During one of my eight-hour trips to and from Chicago for cello lessons it occurred to me that I am part of a larger trend where parents are giving up their family time in exchange for commute time.
There's a great article in The Washingtonian about couples who buy a home figuring they will get a variance to get into a school district they like. But the school lottery banishes their kid to the bad school. What will the parents do? Move? No. They'll find some school farther away and schlep the kid there.
We know that hour-long commutes for adults harms their social life, disrupts their sleep, and leads to depression. Why do we think it would be any different for kids?
Parents are lured into these insane commutes by another insane system: school rankings.
You know what the best high schools in the US have in common? They are magnet schools — schools that draw from multiple districts across a wide range of geographies. Which means that the highest ranked schools have kids traveling up to two hours a day. For example, some kids going to Stuyvesant in NYC do all their homework on the subway because they are on it for four hours a day.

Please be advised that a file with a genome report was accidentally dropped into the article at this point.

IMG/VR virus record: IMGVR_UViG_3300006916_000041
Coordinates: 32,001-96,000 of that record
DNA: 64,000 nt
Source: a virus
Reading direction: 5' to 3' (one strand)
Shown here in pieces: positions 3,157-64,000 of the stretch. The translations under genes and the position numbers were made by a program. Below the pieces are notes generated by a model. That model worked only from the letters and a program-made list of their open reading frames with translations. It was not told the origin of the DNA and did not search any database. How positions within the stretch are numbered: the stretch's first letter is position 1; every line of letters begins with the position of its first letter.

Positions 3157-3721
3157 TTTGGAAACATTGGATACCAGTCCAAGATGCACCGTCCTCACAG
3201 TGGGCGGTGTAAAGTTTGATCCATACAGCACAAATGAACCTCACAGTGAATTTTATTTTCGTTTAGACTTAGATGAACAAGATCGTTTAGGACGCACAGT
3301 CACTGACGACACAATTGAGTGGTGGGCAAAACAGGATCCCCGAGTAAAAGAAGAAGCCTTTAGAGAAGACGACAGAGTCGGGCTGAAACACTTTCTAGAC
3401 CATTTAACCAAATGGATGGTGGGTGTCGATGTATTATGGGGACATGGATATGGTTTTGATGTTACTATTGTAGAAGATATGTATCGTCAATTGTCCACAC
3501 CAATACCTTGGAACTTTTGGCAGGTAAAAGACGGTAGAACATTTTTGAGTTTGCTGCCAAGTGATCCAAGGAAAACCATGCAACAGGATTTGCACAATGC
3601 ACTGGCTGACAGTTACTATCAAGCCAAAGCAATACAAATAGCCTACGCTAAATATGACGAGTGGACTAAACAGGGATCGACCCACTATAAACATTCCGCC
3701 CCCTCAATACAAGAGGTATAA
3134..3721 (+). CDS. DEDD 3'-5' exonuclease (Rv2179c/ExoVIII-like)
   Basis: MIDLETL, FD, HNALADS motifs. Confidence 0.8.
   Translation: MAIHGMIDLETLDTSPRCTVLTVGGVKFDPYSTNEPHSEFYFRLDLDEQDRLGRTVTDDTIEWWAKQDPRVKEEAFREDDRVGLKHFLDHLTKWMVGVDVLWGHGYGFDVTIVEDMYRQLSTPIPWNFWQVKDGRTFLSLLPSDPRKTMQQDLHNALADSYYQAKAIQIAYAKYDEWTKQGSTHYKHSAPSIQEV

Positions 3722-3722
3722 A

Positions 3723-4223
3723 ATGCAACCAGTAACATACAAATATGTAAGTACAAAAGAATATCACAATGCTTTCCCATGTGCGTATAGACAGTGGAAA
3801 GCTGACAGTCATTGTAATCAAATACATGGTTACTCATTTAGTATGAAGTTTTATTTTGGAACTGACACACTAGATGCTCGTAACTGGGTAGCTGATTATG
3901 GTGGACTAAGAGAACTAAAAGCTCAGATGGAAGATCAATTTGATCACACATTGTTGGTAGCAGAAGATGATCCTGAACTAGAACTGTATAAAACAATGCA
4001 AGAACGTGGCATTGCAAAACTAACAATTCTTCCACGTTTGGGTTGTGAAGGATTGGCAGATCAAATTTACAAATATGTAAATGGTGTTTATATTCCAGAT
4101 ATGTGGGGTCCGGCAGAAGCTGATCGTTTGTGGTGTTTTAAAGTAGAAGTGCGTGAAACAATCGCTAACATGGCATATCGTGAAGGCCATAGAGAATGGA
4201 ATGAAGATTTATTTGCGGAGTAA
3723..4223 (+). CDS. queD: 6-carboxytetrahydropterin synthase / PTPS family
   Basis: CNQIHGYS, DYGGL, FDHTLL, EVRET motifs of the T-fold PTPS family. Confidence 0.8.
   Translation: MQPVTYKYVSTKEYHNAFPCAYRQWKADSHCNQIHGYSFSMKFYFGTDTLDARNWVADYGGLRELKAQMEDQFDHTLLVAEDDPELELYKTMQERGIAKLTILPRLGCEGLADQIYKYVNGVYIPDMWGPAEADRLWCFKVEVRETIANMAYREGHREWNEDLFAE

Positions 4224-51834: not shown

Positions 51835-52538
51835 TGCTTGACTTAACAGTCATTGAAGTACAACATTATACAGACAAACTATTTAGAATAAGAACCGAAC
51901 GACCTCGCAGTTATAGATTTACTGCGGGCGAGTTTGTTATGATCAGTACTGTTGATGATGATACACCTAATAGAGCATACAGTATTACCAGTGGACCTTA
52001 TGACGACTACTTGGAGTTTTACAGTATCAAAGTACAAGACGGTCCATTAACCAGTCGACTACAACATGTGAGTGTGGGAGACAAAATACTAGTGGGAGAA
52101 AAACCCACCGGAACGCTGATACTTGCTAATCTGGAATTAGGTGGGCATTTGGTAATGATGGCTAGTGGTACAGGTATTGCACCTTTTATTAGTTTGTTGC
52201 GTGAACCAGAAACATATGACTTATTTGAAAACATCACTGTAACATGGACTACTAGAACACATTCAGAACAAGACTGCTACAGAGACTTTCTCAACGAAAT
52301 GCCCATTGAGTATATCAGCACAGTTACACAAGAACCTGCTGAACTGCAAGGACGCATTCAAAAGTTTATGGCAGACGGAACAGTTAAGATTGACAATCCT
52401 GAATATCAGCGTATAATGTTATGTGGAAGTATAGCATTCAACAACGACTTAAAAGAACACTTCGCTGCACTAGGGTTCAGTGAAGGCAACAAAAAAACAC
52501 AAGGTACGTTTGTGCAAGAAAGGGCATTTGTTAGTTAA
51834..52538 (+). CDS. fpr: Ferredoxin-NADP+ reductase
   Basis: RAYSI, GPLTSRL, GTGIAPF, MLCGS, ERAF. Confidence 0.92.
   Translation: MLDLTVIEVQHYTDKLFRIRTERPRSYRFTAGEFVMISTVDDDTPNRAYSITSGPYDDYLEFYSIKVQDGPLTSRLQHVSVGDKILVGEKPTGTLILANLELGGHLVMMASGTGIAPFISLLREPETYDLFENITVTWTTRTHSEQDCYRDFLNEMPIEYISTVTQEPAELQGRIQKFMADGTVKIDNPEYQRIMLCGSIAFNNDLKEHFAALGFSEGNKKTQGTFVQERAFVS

Of course, there are schools that rank high that are neighborhood schools. But the system encourages families to either put all their efforts into buying an expensive home (median home value where I grew up: $500K) or put all their efforts into the commute. In either case, the cost is time that the family no longer spends together.
Good high schools— if you do believe they are ever good—force you to pay a price that only an insecure parent would pay. Believe in yourself and believe in your kid. Live in an area that is easily affordable to you. Pay heed to the research that says long commutes ruin peoples' lives.
I think I am testament to that. I think one of the reasons I can't get a handle on my own life is because of the commute I'm doing with my son to his cello lessons, because honestly, my sixteen hours of commuting each week is not that different from kids at magnet schools.